NASHVILLE, Tenn. (TSU News Service) – Chris Osborne is not letting anything hold him back…especially not a missing limb.
The Tennessee State University graduate and former Tiger track standout, who lost his left leg in a 2004 hit-and-run motorcycle accident, is a golf national champion.
At the recent ParaLong Drive Nationals in Mesquite, Nev., the Morristown, Tenn., native hit a history-making 332-yard to take first place and the championship in the Above the Knee Division.
“This really came as a big surprise,” said Osborne, adding that his goal was to beat his personal career best of 326 yards. “When the announcer said I had hit 332 yards I was just elated.”
Friend and fellow competitor Dean Jarvis was equally elated and proud.
“Chris put on an amazing performance,” said Jarvis, founder of the Amputee Long Drive Championship. “I appreciate his performance more than anyone else because the Above the Knee Division had not achieved at its highest level until he blasted a 332-yard rocket.“
Osborne, who describes himself as a “self-taught golfer,” said his victory at the ParaLong Drive was his first win in six tournaments since 2010.
“My game is improving and I am very pleased with how I hit my long ball,” said Osborne.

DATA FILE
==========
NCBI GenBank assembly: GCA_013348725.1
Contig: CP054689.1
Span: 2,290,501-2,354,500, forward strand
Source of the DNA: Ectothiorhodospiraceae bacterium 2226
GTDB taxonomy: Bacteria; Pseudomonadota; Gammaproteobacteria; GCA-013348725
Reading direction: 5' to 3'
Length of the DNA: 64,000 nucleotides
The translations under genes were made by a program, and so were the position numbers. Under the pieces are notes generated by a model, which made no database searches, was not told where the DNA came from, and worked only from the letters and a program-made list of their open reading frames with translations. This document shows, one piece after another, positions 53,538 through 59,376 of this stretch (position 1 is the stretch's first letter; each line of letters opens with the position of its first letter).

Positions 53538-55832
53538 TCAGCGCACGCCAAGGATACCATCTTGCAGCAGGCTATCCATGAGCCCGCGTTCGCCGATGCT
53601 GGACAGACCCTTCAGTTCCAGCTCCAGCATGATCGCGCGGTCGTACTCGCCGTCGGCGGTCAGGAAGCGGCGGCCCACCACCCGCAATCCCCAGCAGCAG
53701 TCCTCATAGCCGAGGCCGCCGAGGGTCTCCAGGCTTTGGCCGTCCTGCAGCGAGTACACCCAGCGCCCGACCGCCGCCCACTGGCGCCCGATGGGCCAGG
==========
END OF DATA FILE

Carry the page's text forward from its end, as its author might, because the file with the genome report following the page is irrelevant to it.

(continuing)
A resident of Birmingham, Ala., Osborne is a 1995 graduate of TSU, and former president of the Birmingham chapter of the TSU National Alumni Association. As a track star at TSU, Osborne ran the Open 400 indoor/outdoor, the 400 huddles indoor and 55 high hurdle indoor. He also was an honor student and a scholarship athlete, who was awarded the Scholastic Achievement Award for GPA.
His tie to TSU goes deeper than his personal academic and athletics achievements at the institution. His parents, Willie Osborne (’54) and Claire Osborne (’53), are graduates of TSU.
The former news broadcaster, and now PR Director for the Alabama Red Cross, said he hopes to use his talents to help promote amputee golf and “the amazing players who have overcome great obstacles to enjoy the game.”
“Chris is not just a player. He is also an outstanding person and an ambassador for the game of golf and Long Drive,” said Jarvis, about his longtime friend.
At the recent screening in Birmingham of ‘From the Rough,’ a movie inspired by the life of Dr. Catana Starks, who became the first African-American woman to coach an all-men’s golf team at the collegiate level, Osborne said he was inspired by the effort of the TSU coach.
“About a month later I was fortunate to meet Coach Starks in person for the first time, and we had a wonderful conversation,” Osborne said. “I am so inspired by her story, and meeting her was quite a humbling experience for me.”
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With nearly 9,000 students, Tennessee State University is Nashville’s only public university, and is a comprehensive, urban, co-educational, land-grant university offering 38 undergraduate, 22 graduate and seven doctoral programs. TSU has earned a top 20 ranking for Historically Black Colleges and Universities according to U.S. News and World Report, and rated as one of the top universities in the country by Washington Monthly for social mobility, research and community service. Founded in 1912, Tennessee State University celebrated 100 years in Nashville during 2012. Visit the University online at tnstate.edu.